Samsung Electronics has begun mass production of 512M-bit DDR (double data rate 2) DRAM (dynamic RAM) chips using an 80-nanometer production process.
The 80-nanometer production process will allow Samsung to meet rising end-user demand for DDR2, the company said in a statement. When describing a production process, the number in nanometers refers to the size of the smallest feature that can be created on a chip.
The more advanced production process allows Samsung to reduce the die size of a chip, meaning more chips can be produced on a single silicon wafer. Die size refers to the area on silicon that a chip takes up. With more chips produced on a single wafer, the smaller die size means lower manufacturing costs for the DDR2 chips, which should translate into lower costs for end users.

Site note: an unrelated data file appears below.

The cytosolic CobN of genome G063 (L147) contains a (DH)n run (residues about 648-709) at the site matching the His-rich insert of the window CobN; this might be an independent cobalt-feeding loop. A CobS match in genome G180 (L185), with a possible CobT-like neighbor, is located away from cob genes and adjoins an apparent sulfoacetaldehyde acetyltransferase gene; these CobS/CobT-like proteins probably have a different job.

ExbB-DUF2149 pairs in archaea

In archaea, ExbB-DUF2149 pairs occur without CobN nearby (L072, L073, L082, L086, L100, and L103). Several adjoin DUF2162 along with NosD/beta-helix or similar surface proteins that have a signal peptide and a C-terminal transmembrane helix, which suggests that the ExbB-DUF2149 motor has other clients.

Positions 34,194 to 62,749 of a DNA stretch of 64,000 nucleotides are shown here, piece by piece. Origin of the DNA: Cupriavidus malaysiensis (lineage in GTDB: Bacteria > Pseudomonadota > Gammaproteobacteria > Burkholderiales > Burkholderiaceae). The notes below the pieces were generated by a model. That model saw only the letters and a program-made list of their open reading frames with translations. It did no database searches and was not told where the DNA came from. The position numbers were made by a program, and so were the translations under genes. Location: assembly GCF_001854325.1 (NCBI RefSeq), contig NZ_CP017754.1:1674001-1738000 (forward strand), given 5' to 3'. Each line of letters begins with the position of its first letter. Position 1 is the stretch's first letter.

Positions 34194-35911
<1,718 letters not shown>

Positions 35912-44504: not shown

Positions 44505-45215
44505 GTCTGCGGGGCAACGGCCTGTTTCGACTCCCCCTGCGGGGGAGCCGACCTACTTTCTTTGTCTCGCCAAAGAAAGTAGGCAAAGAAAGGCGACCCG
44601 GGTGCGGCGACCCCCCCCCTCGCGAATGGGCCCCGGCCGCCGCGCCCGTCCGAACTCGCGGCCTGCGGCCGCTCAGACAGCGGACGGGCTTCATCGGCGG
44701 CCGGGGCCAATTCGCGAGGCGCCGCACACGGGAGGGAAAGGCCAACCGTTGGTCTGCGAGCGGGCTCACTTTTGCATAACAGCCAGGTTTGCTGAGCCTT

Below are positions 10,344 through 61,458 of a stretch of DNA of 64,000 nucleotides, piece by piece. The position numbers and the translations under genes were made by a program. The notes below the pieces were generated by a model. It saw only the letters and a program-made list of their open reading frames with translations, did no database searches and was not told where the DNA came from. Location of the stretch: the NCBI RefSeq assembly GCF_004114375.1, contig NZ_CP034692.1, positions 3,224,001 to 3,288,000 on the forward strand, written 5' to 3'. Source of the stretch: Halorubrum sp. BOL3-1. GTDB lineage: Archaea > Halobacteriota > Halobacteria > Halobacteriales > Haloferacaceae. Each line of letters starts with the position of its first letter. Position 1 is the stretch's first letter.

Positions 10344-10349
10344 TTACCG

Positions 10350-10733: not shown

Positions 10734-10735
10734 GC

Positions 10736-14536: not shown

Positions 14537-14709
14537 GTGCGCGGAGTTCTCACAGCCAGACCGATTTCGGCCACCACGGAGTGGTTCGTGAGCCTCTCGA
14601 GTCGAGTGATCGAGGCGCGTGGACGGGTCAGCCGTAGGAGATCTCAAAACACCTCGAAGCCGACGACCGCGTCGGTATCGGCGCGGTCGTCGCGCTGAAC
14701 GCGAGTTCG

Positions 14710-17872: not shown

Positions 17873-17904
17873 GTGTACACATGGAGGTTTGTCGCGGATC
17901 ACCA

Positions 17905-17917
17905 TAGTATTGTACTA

Moving from one process to another often requires a costly investment in manufacturing equipment. However, Samsung said that wasn't the case with this transition.
Samsung had previously used a 90-nanometer process to make the chips and many of the features used in that process are also used in the 80-nanometer process, the company said. As a result, the shift in process technology required a "minimal" investment in new equipment, it said.
DDR2 is expected to become the mainstream memory used in PCs during the coming quarter, replacing DDR memory, according to DRAMexchange Technology, which runs an online clearinghouse for memory chips.